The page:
Average lifespanYorkshire Terrier often live for 14 years, but can live up to 16 years of age when care for properly and given the right food.
Breed Personality, Characteristics and Temperament
Most Yorkshire Terriers are alert, active and inquisitive. They can be determined, but are faithful and loyal to their human family. They thrive on human companionship and will happily be included in family activities. They make a good watchdog and will bark if strangers come to the home. Although small, they are a robust and healthy animal and have the proportions of a normal dog but in miniature. Yorkshire Terriers have a coat that does not shed or molt and therefore are a hypo-allergenic (low allergy) breed. The coat is not weather resistant and so they should live indoors with periods outside for exercise.
Compatibility with other Pets
Yorkshire Terriers generally live happily with other breeds of dog as long as the dog is of similar size.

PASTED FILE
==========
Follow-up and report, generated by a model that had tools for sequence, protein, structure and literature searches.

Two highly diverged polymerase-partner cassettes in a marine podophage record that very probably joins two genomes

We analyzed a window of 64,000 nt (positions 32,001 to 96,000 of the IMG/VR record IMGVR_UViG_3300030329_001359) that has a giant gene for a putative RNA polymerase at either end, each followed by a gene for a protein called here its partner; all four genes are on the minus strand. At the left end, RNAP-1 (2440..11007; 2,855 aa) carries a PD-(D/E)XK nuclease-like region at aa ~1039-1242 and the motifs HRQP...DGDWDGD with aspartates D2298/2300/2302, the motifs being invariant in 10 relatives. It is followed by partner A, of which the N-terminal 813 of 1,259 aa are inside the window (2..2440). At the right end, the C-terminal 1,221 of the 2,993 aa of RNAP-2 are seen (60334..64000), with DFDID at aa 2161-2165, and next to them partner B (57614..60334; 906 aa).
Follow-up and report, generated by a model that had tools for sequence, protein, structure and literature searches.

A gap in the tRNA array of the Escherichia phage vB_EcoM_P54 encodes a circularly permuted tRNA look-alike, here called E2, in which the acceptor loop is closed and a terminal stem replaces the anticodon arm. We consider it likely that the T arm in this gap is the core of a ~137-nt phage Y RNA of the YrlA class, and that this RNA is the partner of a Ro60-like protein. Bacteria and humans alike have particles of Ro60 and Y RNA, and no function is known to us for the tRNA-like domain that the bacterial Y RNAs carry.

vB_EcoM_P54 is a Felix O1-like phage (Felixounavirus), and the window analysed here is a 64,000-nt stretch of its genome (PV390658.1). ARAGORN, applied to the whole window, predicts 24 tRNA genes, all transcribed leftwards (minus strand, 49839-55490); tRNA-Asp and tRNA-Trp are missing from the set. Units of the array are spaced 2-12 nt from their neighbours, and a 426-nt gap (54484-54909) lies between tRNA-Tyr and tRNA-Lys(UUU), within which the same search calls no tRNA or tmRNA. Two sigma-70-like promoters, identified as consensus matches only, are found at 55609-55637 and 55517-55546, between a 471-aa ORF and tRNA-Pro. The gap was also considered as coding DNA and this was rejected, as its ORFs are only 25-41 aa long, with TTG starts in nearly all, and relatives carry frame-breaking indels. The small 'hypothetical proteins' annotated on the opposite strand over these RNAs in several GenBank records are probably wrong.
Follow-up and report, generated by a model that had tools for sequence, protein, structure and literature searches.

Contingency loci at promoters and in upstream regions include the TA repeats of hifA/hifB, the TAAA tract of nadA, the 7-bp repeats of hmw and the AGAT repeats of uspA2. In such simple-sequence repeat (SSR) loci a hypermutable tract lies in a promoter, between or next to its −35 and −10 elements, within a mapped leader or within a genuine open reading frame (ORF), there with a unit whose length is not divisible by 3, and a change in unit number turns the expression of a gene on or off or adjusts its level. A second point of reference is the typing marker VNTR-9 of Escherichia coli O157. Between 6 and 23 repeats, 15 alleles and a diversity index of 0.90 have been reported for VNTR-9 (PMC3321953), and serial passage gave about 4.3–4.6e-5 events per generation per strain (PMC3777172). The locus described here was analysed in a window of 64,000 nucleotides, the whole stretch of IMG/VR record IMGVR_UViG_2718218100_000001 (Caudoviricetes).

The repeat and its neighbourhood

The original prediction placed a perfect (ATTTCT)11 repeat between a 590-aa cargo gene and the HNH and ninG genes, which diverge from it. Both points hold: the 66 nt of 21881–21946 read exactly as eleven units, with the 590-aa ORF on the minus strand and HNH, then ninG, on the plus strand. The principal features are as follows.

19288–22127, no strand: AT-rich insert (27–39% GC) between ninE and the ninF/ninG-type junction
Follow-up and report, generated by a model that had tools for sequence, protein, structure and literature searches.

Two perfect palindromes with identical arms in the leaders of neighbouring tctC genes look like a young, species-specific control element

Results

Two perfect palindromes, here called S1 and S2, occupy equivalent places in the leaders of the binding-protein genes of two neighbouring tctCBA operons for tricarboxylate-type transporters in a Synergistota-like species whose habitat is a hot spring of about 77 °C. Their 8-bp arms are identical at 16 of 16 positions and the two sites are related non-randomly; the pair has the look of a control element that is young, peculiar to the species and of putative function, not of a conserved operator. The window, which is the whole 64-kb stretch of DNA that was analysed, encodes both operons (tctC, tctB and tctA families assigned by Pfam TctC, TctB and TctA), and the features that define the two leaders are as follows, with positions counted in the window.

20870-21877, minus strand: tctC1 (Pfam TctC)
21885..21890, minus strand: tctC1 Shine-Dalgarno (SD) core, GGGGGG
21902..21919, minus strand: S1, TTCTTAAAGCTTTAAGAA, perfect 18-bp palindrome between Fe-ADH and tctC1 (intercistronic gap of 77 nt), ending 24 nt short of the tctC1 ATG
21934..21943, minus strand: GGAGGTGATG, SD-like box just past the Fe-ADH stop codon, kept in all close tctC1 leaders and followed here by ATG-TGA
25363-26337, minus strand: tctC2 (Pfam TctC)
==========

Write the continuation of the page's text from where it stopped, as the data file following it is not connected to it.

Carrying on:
The Yorkshire Terrier’s coat will generally grow to the ground and needs to be brushed for an hour every second day to keep it free of tangles. The hair on the head needs to be tied up to keep it out of the eyes. If an owner wants less work then the coat can be kept short. They will happily go for a long walk with their owner or run around in the back yard.
The Yorkshire Terrier is suitable for people of all ages, with or without children, but children do need to be supervised around this small dog. The most important issue when considering owning a Yorkshire Terrier is whether you have adequate time to look after it. Similar to most dogs it is not good for a Yorkshire Terrier’s temperament to be left alone for long periods of time, and if everyone in the house is away for most of the day then it is best to get two dogs so that they have company.
A bit about yorkie size
- If your breeder tells you, there is no way to know how big your puppy will get, find another breeder – any breeder that know her breeding dogs will be able to make an educated guess on how big the puppy will grow
- If your puppy weighs above 500g between 8 and 10 weeks of age, you puppy will not be a teacup